In this paper, we explore a unified way to construct smoothing functions for solving the absolute value equation associated with second-order cone (SOCAVE). Numerical comparisons are presented, which illustrate what kinds of smoothing functions work well along with the smoothing Newton algorithm. In particular, the numerical experiments show that the well known loss function widely used in engineering community is the worst one among the constructed smoothing functions, which indicates that the other proposed smoothing functions can be employed for solving engineering problems.
In this article, we extend two classes of merit functions for the second-order complementarity problem (SOCP) to infinite-dimensional SOCP. These two classes of merit functions include several popular merit functions, which are used in nonlinear complementarity problem, (NCP)/(SDCP) semidefinite complementarity problem, and SOCP, as special cases. We give conditions under which the infinite-dimensional SOCP has a unique solution and show that all these merit functions provide an error bound for infinite-dimensional SOCP and have bounded level sets. These results are very useful for designing solution methods for infinite-dimensional SOCP.
It is well known that second-order cone (SOC) programming can be regarded as a special case of positive semidefinite programming using the arrow matrix. This paper further studies the relationship between SOCs and positive semidefinite matrix cones. In particular, we explore the relationship to expressions regarding distance, projection, tangent cone, normal cone and the KKT system. Understanding these relationships will help us see the connection and difference between the SOC and its PSD reformulation more clearly.
In this paper, we study the existence of local and global saddle points for nonlinear second-order cone programming problems. The existence of local saddle points is developed by using the second-order sufficient conditions, in which a sigma-term is added to reflect the curvature of second-order cone. Furthermore, by dealing with the perturbation of the primal problem, we establish the existence of global saddle points, which can be applicable for the case of multiple optimal solutions. The close relationship between global saddle points and exact penalty representations are discussed as well.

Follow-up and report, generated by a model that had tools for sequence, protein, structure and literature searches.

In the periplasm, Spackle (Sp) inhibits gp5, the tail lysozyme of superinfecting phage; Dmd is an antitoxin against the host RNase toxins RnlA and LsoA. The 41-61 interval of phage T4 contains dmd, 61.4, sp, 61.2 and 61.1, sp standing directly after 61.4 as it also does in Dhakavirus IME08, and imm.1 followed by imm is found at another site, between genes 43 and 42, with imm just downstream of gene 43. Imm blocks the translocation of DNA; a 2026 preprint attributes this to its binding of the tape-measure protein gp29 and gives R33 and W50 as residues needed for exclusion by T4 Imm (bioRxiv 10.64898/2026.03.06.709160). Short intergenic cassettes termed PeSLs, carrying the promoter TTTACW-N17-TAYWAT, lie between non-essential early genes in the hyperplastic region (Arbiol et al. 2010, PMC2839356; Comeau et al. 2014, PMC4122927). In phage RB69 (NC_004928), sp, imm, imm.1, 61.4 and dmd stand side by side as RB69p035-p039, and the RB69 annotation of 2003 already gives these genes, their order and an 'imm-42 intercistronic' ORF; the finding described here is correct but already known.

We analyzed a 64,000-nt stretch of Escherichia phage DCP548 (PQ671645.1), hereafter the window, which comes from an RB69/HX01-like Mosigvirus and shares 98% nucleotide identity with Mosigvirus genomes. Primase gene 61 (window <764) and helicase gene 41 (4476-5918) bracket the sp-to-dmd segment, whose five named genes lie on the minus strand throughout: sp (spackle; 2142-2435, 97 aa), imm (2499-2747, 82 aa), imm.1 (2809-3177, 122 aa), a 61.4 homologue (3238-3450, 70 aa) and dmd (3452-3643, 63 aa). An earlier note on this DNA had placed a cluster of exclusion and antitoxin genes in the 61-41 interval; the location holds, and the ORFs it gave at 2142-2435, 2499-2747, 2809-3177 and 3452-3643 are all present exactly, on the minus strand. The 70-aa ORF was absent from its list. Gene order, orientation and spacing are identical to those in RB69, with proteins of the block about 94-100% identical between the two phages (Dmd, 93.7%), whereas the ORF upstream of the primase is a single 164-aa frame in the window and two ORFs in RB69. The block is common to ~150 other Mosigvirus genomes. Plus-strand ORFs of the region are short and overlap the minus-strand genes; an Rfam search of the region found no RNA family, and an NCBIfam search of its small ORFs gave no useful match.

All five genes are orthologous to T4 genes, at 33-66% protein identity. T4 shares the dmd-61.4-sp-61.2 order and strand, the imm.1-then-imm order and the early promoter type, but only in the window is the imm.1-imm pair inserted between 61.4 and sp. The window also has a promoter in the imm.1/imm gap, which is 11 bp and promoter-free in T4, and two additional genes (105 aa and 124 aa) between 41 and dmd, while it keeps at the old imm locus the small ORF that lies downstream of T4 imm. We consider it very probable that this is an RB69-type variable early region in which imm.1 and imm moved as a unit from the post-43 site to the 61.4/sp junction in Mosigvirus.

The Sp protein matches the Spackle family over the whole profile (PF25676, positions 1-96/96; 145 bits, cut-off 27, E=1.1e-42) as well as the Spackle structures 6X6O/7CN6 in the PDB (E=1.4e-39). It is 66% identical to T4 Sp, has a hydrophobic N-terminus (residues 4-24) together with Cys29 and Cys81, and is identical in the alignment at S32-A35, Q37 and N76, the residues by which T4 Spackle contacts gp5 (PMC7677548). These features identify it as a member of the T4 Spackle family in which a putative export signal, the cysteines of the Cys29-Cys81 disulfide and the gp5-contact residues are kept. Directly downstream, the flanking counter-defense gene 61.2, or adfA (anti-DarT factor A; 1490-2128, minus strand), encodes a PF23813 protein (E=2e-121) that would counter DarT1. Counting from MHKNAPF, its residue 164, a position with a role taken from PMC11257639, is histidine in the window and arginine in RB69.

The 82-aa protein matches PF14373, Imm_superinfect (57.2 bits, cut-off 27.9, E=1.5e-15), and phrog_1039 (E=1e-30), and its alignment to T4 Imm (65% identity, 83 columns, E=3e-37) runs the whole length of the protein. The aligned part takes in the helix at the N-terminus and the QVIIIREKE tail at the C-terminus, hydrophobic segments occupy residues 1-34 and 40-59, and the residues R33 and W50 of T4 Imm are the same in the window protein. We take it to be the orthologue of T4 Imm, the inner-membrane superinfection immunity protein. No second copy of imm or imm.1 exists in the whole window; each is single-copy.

Consider the single-facility Euclidean -centrum location problem in R n. This problem is a generalization of the classical Euclidean 1-median problem and 1-center problem. In this paper, we develop two efficient algorithms that are particularly suitable for problems where n is large by using unconstrained optimization techniques. The first algorithm is based on the neural networks smooth approximation for the plus function and reduces the problem to an unconstrained smooth convex minimization problem. The second algorithm is based on the FischerBurmeister merit function for the second-order cone complementarity problem and transforms the KKT system of the second-order cone programming reformulation for the problem into an unconstrained smooth minimization problem. Our computational experiments indicate that both methods are extremely efficient for large problems and the first algorithm is able to